Saturday, 12 November 2011

Women in mosques - No curtains, no walls, no partitions!"It is perfectly Islamic to hold meetings of men and women inside the Masjid, whether for prayers or for any other Islamic purpose, without separating them with a curtain, partition or wall".  An emphatic ruling from Dr. Muzammil H. Siddiqi.
Question: We have a big controversy going on in our Masjid. Some brothers want to build a wall in the Musalla to separate men from women. Is it required in Islam? What are the basic rules of Shari’ah in this matter?
Answer:  Men and women both are allowed to pray in the mosque in the same Jama’ah. When men and women are together in the Masjid then we should have first men’s lines behind the Imam, then children and then women. This is the way Muslims used to pray behind the Prophet - peace be upon him. He did not make or ask his companions to have a curtain or wall between the lines of men and women. (See Al-Sindi’s Commentary on Sunan al-Nasa’I, p. 798)
According to the Shari’ah it is not required to have a partition, neither of temporary nor of permanent nature, between men and women in the Masjid.
It is perfectly Islamic to hold meetings of men and women inside the Masjid, whether for prayers or for any other Islamic purpose, without separating them with a curtain, partition or wall. It is, however, very important that Muslim women come to public gatherings wearing proper Islamic dress. It is haram for a Muslim woman to attend a public gathering without a full Islamic dress. She must cover her hair and neck with a scarf which should also go over her bosom. Her dress should be modest and loose enough in order not to reveal the shape of her body.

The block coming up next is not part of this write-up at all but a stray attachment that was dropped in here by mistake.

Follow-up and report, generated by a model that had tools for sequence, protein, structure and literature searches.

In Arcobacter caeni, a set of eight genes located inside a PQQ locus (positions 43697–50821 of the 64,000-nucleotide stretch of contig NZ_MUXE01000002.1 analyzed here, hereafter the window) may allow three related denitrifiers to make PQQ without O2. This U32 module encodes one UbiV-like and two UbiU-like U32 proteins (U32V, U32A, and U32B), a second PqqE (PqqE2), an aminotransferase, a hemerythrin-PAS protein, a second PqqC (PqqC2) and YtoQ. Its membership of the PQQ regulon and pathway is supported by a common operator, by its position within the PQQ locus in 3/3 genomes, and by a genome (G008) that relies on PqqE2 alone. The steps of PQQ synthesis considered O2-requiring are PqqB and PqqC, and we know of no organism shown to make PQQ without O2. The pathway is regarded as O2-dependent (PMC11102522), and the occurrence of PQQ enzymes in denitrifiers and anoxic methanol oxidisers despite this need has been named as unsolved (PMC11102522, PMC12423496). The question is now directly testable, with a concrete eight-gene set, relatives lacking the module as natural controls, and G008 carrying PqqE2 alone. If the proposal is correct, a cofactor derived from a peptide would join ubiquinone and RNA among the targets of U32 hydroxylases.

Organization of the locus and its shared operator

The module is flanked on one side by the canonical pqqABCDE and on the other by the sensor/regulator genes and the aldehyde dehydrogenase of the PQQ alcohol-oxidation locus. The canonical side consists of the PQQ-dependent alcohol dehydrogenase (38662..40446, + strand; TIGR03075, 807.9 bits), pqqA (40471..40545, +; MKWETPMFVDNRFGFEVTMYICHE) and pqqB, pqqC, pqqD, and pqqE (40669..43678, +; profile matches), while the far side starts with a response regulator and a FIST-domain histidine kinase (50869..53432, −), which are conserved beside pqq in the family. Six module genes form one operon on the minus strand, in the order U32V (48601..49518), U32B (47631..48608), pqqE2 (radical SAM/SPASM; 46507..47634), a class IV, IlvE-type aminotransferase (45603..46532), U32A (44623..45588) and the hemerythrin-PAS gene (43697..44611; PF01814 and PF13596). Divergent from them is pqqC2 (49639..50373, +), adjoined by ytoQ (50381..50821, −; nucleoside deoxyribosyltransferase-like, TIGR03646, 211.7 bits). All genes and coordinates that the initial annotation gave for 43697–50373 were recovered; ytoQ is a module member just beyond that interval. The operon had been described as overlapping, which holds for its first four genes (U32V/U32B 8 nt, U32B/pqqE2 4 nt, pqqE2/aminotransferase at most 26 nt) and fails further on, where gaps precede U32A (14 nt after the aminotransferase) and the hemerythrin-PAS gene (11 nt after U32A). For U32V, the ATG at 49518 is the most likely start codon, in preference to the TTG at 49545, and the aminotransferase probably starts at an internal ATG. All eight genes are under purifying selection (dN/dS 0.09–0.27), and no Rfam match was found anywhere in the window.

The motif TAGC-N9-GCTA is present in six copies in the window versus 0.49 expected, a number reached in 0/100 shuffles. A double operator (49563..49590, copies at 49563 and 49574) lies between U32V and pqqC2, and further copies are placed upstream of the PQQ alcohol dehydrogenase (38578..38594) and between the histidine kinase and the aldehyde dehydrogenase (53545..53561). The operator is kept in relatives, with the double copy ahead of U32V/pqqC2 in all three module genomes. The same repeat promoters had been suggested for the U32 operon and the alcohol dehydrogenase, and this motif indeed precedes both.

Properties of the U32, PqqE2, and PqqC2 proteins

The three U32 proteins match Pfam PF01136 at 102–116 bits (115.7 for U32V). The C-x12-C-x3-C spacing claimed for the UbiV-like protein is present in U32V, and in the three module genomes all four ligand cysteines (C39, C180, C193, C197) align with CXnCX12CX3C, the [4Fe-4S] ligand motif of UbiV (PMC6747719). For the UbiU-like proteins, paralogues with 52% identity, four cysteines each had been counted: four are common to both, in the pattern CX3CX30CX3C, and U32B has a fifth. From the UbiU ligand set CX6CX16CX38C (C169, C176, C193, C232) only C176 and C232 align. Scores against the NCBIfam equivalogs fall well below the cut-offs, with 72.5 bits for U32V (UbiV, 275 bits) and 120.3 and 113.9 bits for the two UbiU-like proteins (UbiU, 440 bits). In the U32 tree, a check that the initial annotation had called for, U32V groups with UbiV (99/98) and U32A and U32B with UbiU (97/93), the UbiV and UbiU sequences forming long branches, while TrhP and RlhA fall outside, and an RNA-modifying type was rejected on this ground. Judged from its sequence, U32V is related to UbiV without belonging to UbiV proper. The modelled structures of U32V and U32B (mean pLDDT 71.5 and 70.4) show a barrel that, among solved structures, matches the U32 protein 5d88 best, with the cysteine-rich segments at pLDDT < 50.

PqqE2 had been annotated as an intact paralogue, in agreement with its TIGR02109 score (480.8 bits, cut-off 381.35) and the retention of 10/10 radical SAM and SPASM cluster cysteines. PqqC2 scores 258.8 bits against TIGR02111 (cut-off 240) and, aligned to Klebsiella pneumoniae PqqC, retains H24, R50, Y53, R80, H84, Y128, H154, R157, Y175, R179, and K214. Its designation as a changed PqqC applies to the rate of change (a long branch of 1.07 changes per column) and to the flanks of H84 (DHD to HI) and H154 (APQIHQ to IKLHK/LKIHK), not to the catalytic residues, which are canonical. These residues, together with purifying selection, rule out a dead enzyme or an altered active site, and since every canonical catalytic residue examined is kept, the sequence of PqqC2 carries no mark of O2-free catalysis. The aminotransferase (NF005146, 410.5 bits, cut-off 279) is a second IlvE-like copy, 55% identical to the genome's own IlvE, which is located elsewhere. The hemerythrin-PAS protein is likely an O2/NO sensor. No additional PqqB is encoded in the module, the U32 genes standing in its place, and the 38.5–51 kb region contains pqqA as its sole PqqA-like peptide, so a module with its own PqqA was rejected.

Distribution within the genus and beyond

Partitions were introduced inside the Masajid later in Islamic history.
This was done, perhaps, because some women began coming to mosques without observing proper Islamic dress, or perhaps, some men wanted to discourage them from coming to mosques. In the time of the Prophet - peace be upon him - there was no curtain or partition in his Masjid, although women used to come to the Masjid almost for every prayer and for many other gatherings. It is, however, reported that they used to come to the Masjid covered up with long clothes.
‘Aishah -may Allah be pleased with her- said that the Believing women used to attend the Fajr prayer with the Prophet - peace be upon him. They used to come wrapped up in their long garments and then they used to return to their homes after the Salat, no one could recognize them because of the darkness.” (Al-Bukhari, Hadith 544 and 820)
Jama’ah means a congregation of people who are praying behind one Imam in continuous lines without any barrier or interruption. People who pray behind the Imam they should either see the Imam or see those who are in front of them. There is no Jama’ah when a person is in one room and his/her Imam in another room, the lines are not continuous and the people behind the Imam are also not visible. Otherwise people would not have to come to the Masjid for Jama’ah prayer. They would stay home and pray listening to the loudspeakers from their Masajid or through intercoms. They could nowadays even pray Jama’ah prayer in this way in their own homes listening to the prayer broadcasts coming from Makkah and Madinah on their radios, television sets or through the Internet. But no jurists have ever allowed a Jama’ah prayer in this way.
The definition of Jama’ah that I gave above is a general one and it is applicable to both men and women. Only in the case of necessity this rule can be relaxed. For example, if the Masjid was too small and people had to pray on different levels or in different rooms to accommodate every person then this would be permissible because of necessity. Muslims should not deliberately and for no reason bifurcate their congregation in their Masajid.
If there is a concern that the lines of men and women will mix inside the Masjid, then there is no harm in putting a lower barrier, only to demarcate the separate area for women. But women should not be put in a totally separate room in the Masjid unless there is a shortage of space and no other proper arrangement can be done for them.